Another day at sea, and the air has cleared a bit, giving way to clearish skies, perfect for capturing the disc of the sun dipping into the horizon. As a result, please enjoy an image of sunspots, one version straight from the camera, the other viewed showing the mask of a sharpening algorithm, which illustrates quite plainly the locations of them on the surface of the sun. Sunspots can last for days or weeks (I believe), the larger of which can contribute to radio communications interference here on earth. Several years ago I experienced a significant solar radiation event while flying around Denver, and for a few days reaching hospitals on routinely-used VHF frequencies was marginal, at best.


12/22/16: Space.com post of ‘SuperMoon’ image

Fortunately this time it didn’t take 4 months to learn that Space.com again picked up an image of mine, in this case, the recent TerraLapse composite of the Nov 2016 SuperMoon rising over the Denver skyline:


12/2/16: Olde Golden Christmas Candlelight Walk 2016

Tonight’s Olde Golden Christmas Candlelight walk was an amazing sight to behold. Several thousand people participated, and I decided to create a TerraLapse composite image from the entire 20+-minute procession:


2016 Golden Candlelight Walk

2016 Olde Golden Christmas Candlelight Walk, 12/3/16




11/27/16: 8 minutes, 40 seconds of monochromatic bliss

Orographic clouds (B&W)

8 minutes, 40 seconds of orographic cloud development over N. Table Mtn., Golden, CO. (11/27/16)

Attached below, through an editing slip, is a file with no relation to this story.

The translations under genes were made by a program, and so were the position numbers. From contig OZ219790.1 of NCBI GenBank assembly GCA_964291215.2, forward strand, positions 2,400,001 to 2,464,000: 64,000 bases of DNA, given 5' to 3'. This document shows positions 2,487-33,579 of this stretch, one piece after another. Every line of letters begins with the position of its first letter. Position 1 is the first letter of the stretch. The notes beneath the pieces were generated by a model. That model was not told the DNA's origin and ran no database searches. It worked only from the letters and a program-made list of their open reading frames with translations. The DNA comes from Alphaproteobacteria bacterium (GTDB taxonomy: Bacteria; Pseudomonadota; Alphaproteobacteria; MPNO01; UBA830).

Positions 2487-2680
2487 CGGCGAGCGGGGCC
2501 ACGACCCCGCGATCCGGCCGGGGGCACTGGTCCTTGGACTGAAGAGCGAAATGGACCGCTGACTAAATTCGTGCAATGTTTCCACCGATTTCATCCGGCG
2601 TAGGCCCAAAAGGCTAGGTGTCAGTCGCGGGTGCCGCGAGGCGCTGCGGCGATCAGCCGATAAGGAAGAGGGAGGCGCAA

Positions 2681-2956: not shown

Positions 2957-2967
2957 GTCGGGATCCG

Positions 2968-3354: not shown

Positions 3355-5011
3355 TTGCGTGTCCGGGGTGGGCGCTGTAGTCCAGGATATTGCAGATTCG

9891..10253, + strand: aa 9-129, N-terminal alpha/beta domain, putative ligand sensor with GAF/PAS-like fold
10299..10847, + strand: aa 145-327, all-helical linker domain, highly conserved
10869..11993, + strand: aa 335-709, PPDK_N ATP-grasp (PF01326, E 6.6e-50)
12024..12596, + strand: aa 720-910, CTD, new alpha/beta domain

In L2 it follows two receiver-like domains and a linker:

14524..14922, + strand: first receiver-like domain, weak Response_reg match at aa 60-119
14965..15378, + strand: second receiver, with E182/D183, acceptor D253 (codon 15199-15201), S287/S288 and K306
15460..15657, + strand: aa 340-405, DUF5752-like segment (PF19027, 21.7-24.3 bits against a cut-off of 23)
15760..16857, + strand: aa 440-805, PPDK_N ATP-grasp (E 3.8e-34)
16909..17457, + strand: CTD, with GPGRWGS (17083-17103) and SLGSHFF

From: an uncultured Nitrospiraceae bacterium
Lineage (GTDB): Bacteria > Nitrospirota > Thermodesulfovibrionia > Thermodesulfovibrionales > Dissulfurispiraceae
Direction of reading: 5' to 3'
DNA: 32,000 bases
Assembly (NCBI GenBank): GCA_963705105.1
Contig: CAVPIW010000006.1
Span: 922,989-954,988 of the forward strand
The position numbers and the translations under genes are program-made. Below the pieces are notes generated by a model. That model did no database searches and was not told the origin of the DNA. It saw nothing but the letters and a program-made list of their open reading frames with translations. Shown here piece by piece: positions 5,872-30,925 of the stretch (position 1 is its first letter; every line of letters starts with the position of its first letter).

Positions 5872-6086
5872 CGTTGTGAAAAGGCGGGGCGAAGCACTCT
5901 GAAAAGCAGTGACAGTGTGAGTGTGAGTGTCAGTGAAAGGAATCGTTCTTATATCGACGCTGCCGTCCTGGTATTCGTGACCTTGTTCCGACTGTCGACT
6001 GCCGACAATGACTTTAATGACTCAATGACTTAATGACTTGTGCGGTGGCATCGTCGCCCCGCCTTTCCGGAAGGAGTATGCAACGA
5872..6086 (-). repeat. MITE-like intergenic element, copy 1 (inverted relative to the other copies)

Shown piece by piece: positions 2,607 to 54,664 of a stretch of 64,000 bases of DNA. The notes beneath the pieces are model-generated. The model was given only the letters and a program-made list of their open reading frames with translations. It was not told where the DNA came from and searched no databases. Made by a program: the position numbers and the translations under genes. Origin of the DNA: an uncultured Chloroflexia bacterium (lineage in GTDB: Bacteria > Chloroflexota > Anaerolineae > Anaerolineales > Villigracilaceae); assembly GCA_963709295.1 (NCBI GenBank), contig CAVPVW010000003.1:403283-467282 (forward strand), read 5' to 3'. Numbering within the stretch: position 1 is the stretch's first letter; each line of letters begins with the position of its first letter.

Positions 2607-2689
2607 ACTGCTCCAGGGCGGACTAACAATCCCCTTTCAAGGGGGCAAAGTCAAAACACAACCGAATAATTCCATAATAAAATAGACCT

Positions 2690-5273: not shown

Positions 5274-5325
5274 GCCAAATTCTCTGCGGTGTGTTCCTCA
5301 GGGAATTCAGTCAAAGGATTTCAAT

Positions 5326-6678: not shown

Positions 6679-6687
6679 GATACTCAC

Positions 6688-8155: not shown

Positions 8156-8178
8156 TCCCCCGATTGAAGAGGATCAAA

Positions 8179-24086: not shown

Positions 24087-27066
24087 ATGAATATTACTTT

11/27/16: Catching Time over Golden

I sat on a cactus to get this shot.

No, really. And I mean, really, really  sat on a cactus, that kind with the dozens and dozens of nearly-microscopic needles that go right through any fabric, glove, or whatever else you want to try smothering it with. [cough!]


28m52s over Golden, CO.

Sunset time-lapse over Golden, CO (28 minutes, 52 seconds)


Anyway, sometimes I just have a feeling when something is going to work out, and tonight it was like something was pulling at me to remain outside, despite the dropping temperature and impending dinner guests. I was finishing a 7+ mile hike up and around Mt. Galbraith (sans camera), and as I descended the last 500′ into the neighborhood, the strong northwest winds hitting North Table Mountain were rapidly creating a repeating series of amazing orographic clouds (previously described in a prior post). I got home as quickly as I could to get camera gear, and hoofed it right back up the hill high enough to get above the ‘hood.

The image above was captured as the sun descended into a bank of (relatively) low-level winter clouds to the west, between 4:03 and 4:32PM. This TerraLapse composite image represents:

  • 433 50 MP images (Canon 5Ds, 4-sec intervals)
  • 27.7 GB of images
  • 28 minutes, 52 seconds of time
  • ~3.5 hours of computer time
  • 60+ minutes trying to remove microscopic cactus needles from several things.

I’ll take that cactus.


Crepuscular shadows

Crepuscular shadows danced over N. Table Mtn. (see time-lapse in other post).


One strong shaft of shadow briefly shot over the valley between N. and S. Table Mountains.

One strong shaft of shadow briefly shot over the valley between N. and S. Table Mountains.


This is the actual iPhone shot that got me 'stuck'.

This is the actual iPhone shot that got me ‘stuck’.